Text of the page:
- European regulators rethink data protection strategy
- Verizon wins privacy protection case
- British Columbia toughens privacy law
- California governor terminates privacy bills
1. European regulators rethink data protection strategy
The EU's Data Protection Working Party (a coalition of European data protection regulators) has outlined its approach to privacy regulation in a new strategy document. The Working Party - which produces guidance on the interpretation of the EU Data Protection Directive and advises the European Commission on data protection issues - has stressed the need to rethink its position following thegrowth in global data flows, the enlargement of the EU, and the advent of new regulations on electronic privacy.
One of the key issues outlined in the report is the number of divergences between EU data protection regimes, and the Working Party stresses that the need to improve harmonisation will be a priority over the next few months. The poor state of enforcement across Europe will also be tackled through a new sub-working group devoted to improving enforcement of national data protection laws. The Working Party reaffirmed its commitment to Binding Corporate Rules (a scheme that allows multinationals to manage privacy compliance through legally binding codes of conduct).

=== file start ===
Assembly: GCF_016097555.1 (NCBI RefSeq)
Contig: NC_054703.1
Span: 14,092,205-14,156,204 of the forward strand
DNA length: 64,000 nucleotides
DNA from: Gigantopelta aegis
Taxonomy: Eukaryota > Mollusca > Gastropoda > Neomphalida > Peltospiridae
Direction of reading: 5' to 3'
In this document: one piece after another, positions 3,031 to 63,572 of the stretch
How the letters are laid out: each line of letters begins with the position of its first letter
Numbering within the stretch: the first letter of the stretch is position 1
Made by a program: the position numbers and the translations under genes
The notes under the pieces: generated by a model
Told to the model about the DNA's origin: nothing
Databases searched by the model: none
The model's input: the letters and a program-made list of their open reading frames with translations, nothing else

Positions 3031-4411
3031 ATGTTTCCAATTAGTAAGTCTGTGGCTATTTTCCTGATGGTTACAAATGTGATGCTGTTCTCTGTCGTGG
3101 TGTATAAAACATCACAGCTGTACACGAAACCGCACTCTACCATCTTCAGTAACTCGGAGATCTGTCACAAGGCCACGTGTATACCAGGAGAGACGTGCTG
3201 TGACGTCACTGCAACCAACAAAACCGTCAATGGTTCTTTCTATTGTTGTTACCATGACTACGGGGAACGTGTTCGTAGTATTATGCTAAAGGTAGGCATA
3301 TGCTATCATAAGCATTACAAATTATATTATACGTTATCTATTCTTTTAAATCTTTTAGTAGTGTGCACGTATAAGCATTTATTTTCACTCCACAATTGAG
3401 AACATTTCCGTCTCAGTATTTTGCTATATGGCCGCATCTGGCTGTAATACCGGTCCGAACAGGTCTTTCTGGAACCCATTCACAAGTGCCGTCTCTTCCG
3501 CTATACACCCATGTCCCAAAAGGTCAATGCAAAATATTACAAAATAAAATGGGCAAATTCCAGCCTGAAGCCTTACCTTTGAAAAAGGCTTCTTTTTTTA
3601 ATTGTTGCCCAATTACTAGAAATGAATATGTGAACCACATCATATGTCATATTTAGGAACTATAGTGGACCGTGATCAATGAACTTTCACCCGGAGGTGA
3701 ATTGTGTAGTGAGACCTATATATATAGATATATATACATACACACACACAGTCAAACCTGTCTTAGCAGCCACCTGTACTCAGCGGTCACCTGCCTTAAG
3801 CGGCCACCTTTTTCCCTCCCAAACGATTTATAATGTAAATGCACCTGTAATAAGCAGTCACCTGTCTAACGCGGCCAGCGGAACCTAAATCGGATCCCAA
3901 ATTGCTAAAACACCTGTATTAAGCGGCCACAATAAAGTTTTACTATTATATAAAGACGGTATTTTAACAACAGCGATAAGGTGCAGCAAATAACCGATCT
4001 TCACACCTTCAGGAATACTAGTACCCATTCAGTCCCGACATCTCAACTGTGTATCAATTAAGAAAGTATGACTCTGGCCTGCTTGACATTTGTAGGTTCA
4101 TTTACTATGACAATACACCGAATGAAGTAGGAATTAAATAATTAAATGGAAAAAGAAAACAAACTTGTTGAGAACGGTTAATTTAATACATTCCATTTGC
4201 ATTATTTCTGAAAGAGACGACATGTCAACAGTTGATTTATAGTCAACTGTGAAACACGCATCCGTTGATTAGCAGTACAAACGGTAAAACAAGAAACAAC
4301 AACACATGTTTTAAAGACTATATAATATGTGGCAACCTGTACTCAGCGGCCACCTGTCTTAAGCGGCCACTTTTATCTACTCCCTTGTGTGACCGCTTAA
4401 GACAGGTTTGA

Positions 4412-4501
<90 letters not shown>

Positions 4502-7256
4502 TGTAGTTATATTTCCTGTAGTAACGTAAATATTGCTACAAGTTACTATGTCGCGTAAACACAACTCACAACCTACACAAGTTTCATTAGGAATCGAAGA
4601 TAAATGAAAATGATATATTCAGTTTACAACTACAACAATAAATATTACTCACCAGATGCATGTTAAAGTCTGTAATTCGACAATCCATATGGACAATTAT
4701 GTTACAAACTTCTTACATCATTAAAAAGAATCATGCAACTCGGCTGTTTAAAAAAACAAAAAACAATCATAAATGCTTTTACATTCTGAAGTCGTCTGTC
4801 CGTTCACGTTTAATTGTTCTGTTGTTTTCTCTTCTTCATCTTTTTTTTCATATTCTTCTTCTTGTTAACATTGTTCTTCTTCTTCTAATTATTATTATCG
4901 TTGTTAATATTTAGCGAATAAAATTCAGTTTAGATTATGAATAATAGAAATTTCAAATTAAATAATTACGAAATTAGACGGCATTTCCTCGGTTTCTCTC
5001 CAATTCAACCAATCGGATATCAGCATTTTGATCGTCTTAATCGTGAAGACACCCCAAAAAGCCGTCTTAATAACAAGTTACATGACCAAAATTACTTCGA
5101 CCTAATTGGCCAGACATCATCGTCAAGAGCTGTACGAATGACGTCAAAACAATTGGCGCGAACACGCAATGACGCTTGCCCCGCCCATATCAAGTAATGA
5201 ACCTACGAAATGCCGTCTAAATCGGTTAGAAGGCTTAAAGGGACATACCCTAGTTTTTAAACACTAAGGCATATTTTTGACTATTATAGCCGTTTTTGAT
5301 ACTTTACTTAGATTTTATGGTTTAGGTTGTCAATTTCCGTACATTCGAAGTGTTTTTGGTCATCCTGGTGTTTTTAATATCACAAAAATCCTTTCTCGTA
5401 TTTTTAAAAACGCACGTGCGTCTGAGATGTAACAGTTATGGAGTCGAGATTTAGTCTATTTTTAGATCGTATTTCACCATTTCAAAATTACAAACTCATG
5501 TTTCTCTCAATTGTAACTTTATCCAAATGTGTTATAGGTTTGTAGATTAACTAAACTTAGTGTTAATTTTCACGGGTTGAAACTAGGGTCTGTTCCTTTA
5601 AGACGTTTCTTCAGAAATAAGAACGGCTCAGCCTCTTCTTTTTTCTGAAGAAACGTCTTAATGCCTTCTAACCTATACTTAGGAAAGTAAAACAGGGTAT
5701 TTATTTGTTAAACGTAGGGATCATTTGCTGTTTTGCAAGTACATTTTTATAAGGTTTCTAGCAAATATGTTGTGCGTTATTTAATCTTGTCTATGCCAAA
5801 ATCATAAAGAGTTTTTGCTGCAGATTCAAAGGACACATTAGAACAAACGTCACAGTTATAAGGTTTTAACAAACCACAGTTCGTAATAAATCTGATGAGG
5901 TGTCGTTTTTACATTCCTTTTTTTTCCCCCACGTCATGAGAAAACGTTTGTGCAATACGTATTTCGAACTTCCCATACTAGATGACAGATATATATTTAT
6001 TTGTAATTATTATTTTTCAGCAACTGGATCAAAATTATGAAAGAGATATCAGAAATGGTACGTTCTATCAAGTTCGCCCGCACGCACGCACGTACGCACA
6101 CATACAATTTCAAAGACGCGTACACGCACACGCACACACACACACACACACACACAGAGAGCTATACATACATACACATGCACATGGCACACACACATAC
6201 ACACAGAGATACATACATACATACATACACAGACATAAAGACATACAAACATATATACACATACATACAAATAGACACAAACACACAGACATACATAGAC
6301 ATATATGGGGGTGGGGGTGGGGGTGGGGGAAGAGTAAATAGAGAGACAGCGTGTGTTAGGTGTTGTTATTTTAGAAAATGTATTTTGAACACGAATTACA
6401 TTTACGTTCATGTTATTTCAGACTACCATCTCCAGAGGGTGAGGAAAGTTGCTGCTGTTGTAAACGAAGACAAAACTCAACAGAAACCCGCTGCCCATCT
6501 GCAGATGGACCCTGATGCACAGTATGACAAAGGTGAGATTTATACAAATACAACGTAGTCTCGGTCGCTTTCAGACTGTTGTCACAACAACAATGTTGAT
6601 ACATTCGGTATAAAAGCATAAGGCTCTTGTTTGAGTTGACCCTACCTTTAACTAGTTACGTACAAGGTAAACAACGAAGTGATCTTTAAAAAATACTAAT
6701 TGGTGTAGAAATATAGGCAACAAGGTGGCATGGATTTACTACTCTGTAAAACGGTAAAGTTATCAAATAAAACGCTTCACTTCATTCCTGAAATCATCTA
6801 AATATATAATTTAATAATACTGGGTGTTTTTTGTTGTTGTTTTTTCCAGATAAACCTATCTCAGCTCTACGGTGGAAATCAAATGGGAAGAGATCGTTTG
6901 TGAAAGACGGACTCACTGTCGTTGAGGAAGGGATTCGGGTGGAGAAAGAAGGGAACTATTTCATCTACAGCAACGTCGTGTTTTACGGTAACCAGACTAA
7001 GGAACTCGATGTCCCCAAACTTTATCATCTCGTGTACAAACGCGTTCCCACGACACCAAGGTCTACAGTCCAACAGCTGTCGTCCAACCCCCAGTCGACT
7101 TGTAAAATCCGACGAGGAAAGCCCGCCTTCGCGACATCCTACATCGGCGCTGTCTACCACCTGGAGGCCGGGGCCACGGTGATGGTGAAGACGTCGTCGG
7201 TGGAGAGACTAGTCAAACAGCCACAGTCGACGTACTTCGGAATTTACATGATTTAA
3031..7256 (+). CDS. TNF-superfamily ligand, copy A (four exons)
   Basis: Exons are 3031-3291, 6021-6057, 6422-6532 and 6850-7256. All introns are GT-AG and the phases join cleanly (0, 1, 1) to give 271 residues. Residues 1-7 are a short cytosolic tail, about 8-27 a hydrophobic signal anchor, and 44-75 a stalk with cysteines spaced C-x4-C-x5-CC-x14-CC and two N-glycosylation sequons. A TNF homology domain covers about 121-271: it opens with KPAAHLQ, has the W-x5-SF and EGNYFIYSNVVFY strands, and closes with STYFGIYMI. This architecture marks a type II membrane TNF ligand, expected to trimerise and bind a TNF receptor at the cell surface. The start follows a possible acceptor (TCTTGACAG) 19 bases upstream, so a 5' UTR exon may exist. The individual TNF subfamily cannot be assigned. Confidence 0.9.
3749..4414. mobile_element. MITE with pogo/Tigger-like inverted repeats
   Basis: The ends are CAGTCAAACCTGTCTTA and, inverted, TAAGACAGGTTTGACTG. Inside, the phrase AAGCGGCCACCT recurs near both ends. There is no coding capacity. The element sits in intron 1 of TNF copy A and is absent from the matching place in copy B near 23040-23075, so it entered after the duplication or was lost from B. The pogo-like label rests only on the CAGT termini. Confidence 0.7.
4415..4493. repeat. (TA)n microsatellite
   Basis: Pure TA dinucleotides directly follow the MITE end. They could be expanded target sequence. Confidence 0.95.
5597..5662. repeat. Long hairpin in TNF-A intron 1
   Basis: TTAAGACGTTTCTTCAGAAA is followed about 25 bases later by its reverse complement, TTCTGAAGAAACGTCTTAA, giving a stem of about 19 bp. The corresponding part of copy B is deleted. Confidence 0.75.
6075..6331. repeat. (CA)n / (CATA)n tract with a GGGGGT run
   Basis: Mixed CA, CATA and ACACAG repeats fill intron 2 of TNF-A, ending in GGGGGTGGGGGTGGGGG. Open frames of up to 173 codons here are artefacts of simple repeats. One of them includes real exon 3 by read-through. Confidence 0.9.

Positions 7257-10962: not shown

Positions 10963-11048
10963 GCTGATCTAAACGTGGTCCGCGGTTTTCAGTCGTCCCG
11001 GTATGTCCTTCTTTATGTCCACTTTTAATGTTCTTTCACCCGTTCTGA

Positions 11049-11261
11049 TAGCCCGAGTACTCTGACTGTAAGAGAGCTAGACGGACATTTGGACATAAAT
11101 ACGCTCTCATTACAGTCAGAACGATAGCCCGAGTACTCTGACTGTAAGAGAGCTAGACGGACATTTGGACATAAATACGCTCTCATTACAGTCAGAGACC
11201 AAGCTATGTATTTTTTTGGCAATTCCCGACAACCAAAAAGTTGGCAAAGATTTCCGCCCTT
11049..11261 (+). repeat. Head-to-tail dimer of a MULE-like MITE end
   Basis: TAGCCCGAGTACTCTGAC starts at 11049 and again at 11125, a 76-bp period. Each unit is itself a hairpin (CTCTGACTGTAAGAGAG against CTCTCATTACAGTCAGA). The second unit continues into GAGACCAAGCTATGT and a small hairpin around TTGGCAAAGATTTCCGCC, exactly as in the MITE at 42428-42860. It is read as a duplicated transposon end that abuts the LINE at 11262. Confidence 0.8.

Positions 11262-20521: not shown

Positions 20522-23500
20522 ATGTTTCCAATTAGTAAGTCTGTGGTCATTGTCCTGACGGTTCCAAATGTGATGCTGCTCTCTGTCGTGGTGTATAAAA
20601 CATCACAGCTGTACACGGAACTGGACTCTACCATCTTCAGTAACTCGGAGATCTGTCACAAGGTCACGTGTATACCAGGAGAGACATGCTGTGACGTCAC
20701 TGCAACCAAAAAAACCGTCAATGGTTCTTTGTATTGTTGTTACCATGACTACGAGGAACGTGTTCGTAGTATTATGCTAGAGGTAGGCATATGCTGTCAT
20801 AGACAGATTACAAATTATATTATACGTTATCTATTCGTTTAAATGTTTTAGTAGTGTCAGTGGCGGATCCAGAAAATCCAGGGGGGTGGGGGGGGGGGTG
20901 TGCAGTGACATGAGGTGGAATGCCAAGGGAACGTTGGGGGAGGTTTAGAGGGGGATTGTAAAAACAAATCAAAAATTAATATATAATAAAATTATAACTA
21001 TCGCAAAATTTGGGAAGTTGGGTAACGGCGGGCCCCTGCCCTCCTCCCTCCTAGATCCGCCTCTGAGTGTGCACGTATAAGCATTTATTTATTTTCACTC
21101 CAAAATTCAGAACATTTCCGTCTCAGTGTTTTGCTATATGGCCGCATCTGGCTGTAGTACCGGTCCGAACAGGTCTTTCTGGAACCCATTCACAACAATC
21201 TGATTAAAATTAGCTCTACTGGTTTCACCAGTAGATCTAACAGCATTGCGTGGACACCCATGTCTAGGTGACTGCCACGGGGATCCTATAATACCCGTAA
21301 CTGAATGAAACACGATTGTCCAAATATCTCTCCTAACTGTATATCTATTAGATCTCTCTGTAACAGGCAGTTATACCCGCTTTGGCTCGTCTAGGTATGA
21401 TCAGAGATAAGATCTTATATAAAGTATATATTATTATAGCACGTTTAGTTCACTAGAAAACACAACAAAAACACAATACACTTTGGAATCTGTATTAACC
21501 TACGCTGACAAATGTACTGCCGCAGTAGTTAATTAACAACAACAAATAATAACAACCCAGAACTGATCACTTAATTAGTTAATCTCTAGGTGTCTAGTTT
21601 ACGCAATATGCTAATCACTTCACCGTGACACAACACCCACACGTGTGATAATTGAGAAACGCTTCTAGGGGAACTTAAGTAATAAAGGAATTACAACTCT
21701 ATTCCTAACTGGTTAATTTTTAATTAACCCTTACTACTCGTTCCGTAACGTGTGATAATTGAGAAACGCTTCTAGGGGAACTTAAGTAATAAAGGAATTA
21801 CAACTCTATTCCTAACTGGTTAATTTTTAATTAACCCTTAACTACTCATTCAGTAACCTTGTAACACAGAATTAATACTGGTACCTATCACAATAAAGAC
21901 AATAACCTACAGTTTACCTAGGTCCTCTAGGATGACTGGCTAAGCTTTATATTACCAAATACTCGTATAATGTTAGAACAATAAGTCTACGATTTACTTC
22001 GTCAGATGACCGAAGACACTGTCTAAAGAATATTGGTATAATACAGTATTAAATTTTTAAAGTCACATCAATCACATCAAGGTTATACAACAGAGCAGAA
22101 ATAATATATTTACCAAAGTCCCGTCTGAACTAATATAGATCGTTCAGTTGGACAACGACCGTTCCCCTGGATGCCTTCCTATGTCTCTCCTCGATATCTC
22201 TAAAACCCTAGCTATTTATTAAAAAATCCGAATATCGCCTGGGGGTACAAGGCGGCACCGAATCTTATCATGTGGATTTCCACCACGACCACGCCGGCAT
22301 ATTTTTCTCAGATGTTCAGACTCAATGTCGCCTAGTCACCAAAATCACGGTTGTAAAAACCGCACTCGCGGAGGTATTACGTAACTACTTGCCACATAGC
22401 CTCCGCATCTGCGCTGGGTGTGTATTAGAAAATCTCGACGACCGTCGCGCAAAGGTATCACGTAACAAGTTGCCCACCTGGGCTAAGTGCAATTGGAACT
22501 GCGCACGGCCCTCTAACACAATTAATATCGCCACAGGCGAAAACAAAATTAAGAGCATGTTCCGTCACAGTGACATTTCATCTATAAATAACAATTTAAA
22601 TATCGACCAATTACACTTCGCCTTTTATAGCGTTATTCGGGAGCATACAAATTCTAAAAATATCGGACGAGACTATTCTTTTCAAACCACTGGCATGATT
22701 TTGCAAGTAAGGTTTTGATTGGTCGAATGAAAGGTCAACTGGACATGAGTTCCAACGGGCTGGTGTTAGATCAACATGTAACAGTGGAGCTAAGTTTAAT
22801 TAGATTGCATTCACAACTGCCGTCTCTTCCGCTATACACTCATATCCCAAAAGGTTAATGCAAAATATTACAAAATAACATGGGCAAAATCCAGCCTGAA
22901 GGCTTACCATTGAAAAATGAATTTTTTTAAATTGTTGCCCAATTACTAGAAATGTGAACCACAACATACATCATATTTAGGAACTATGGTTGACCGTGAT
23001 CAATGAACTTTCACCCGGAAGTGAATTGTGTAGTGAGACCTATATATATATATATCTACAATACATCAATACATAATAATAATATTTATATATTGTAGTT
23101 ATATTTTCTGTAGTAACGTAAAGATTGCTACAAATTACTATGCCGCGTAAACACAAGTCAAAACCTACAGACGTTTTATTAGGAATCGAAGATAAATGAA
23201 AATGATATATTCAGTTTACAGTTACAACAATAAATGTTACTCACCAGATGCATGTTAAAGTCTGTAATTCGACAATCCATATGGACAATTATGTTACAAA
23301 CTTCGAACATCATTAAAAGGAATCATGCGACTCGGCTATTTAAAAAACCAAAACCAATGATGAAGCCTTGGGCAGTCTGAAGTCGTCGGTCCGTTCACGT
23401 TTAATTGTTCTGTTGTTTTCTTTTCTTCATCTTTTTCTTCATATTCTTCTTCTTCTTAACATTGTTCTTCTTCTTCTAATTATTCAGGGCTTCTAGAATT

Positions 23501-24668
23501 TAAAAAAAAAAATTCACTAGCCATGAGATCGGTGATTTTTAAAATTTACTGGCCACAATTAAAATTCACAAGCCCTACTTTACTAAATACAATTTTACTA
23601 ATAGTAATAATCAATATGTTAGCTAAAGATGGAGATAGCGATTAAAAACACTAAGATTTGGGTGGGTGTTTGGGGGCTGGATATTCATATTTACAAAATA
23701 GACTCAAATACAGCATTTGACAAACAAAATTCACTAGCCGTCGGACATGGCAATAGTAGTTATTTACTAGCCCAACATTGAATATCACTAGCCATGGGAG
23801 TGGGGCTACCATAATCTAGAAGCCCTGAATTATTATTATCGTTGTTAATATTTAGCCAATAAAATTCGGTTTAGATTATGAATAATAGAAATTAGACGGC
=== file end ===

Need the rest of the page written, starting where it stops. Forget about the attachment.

The Working Party has also addressed criticism over its 'closed shop' culture by pledging to be more proactive in its consultation with industry and by establishing communications channels with the media. And on the technology front, it has listed RFIDs, digital rights management and mobile location technologies as its focus for the short term.
Click here for a copy of the Working Party's strategy document
2. Verizon wins privacy protection case
The US Supreme Court on Tuesday upheld the right of Internet service provider Verizon to protect the identities of its customers. The Recording Industry Association of America (RIAA) launched a lawsuit in January 2001 after Verizon refused to comply with subpoenas that sought details on customers accused of illegally exchanging copyrighted music over the Internet.